Compassion has a bad reputation.
When you think "compassion," it can be easy to flash on a passive if powerful emotion for someone else that might overwhelm your own feelings or needs and even drain your resolve. But in fact, you may be confusing compassion with something else.
Compassion and Empathy--Not the Same Thing
Jeff Weiner, CEO of LinkedIn, who has promoted compassion in his company, emphasizes the difference between the two: compassion is more about understanding and acknowledging what another person is experiencing and then following through with action, while empathy is more about sharing and absorbing those exact feelings. If, for example, you encounter someone in pain, empathizing will result in feeling that pain yourself, while compassion will spur you to try to alleviate the pain for that person.
Neuroscience researchers at the Max Planck Institute in Berlin confirm this: The brain itself experiences empathy and compassion differently, and incorporating too much suffering of others leads to emotional burnout, while compassion can actually increase our resilience and approach stressful situations with a more positive outcome.
How Compassion Makes You Stronger
Promotes Action. By prompting us to act to resolve problems, not just sit with them or evade them, compassion helps us assume a kind of control. Avoiding uncomfortable or embarrassing situations or letting questionable behavior slide can lead to passivity. But when we're in action, we're not liable to be walked over; we're taking charge.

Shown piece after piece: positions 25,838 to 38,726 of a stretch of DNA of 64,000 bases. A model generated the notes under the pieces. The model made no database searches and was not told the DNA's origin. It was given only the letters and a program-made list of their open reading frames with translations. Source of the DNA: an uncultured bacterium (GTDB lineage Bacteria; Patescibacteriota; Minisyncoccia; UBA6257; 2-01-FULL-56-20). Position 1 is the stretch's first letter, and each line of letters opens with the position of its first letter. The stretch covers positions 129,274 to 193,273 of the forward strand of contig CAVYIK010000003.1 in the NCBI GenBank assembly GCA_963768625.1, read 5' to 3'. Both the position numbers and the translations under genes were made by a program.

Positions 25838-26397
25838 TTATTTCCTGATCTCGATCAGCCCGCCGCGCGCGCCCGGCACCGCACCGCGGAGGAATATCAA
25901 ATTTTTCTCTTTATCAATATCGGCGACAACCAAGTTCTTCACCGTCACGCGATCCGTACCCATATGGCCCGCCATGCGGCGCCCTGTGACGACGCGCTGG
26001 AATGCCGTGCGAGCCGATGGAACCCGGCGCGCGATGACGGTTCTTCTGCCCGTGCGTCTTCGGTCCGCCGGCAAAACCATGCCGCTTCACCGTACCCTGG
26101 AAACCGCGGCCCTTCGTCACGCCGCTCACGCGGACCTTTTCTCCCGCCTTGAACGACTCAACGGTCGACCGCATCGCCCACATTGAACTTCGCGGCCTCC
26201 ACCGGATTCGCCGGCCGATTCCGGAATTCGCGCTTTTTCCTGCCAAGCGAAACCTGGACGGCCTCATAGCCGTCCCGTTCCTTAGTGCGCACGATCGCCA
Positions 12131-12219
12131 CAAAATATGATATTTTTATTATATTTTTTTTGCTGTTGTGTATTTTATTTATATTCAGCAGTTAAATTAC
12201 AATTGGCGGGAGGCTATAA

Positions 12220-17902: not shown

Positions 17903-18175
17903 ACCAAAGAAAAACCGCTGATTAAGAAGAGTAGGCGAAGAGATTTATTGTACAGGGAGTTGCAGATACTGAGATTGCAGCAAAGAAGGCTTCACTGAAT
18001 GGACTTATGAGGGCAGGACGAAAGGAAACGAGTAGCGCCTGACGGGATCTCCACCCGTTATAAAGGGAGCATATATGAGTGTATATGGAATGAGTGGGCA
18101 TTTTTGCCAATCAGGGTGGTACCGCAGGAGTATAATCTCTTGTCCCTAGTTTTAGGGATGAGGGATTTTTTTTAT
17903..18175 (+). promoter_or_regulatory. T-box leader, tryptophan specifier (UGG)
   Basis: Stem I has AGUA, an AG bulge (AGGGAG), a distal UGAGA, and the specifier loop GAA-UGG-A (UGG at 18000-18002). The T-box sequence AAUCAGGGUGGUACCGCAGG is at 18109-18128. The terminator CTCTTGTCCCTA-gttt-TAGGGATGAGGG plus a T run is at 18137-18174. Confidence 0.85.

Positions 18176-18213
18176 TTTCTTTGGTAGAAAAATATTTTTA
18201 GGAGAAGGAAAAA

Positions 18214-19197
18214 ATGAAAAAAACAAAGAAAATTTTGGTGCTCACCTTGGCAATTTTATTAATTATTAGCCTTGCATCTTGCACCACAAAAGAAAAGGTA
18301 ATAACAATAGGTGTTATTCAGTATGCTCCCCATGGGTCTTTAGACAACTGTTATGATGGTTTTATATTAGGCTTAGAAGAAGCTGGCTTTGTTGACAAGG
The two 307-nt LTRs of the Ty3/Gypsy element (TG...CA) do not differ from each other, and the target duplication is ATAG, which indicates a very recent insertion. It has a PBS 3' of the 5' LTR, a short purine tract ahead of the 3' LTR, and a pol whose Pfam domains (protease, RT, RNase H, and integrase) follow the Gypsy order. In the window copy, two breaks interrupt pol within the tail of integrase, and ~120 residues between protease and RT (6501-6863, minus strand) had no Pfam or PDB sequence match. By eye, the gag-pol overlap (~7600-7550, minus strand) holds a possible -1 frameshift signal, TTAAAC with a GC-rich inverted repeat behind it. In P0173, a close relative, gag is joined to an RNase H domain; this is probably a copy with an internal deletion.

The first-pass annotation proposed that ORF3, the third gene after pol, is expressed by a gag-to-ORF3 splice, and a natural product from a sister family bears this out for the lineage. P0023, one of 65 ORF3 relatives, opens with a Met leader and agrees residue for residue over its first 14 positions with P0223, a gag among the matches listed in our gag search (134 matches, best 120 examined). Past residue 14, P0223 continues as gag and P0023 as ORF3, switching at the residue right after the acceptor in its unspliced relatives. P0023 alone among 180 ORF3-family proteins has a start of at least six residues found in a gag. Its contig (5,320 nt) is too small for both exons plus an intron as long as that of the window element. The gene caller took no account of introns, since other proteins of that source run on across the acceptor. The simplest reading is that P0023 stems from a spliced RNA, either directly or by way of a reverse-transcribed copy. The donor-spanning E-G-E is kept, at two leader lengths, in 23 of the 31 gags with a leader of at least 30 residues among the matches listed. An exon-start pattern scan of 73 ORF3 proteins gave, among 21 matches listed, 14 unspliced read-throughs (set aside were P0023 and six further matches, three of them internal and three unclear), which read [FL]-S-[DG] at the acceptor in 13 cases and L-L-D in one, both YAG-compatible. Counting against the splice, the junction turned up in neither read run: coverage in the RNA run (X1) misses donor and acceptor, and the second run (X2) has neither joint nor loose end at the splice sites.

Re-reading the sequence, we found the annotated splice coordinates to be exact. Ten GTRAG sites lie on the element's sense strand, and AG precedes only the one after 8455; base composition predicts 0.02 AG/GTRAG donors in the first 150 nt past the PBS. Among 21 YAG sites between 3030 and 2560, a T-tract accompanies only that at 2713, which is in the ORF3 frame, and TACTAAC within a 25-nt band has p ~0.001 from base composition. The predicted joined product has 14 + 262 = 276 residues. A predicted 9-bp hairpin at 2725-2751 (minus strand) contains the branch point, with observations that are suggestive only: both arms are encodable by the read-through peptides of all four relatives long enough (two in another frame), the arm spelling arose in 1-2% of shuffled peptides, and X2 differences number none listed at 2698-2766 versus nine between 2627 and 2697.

Sparks Understanding. By considering another person's point of view as valid, we can begin to recast an issue in a different light, even as it conflicts with our own perspective. Having the courage and willingness to practice this, especially when we'd rather not, entails mastery and strength and power--the opposite of being a doormat.
Fosters Connection. Cultivating and practicing compassion helps curb judgment and encourages connection--which in turn creates a more level field, a commonality and equality.
Cultivates Leadership. Compassion doesn't mean that when someone messes up, we ignore the mistake, avoid confronting or dealing with it, or hope it goes away--nor does it mean we get angry or assume the behavior is a character flaw. Instead, true compassion will lead us to try to understand the root of the failure or problem: what was going on, what was he thinking, what led to this outcome? This inquiry--even as it allows room to also acknowledge our own frustration and irritation--will not only demonstrate leadership but can also exemplify compassion at its head-on best.
What Acting Effectively with Compassion Looks Like
It can mean merely asking a co-worker how he's doing. Or offering help to a teammate struggling with too much on his plate. But it can also mean letting a teammate know that, say, her communicating style is alienating co-workers, or that not meeting deadlines repeatedly affects the whole group, and not just her. Compassion means having enough respect to calmly confront someone on what they may not be aware of or won't cop to themselves, of encouraging them to be a better, more effective, and more accountable version of themselves.
Can this be awkward? Very possibly. But if you approach it without judgment or criticism but with true curiosity and an authentic desire to understand the back story, communication channels will open, you'll be operating from a position of strength, and most important, you'll have a better chance of not just resolving the immediate problem but similar mistakes to come.
By treating others with dignity and respect, you reinforce your own dignity, garner respect from others, and create a more productive environment in which effective work can be done.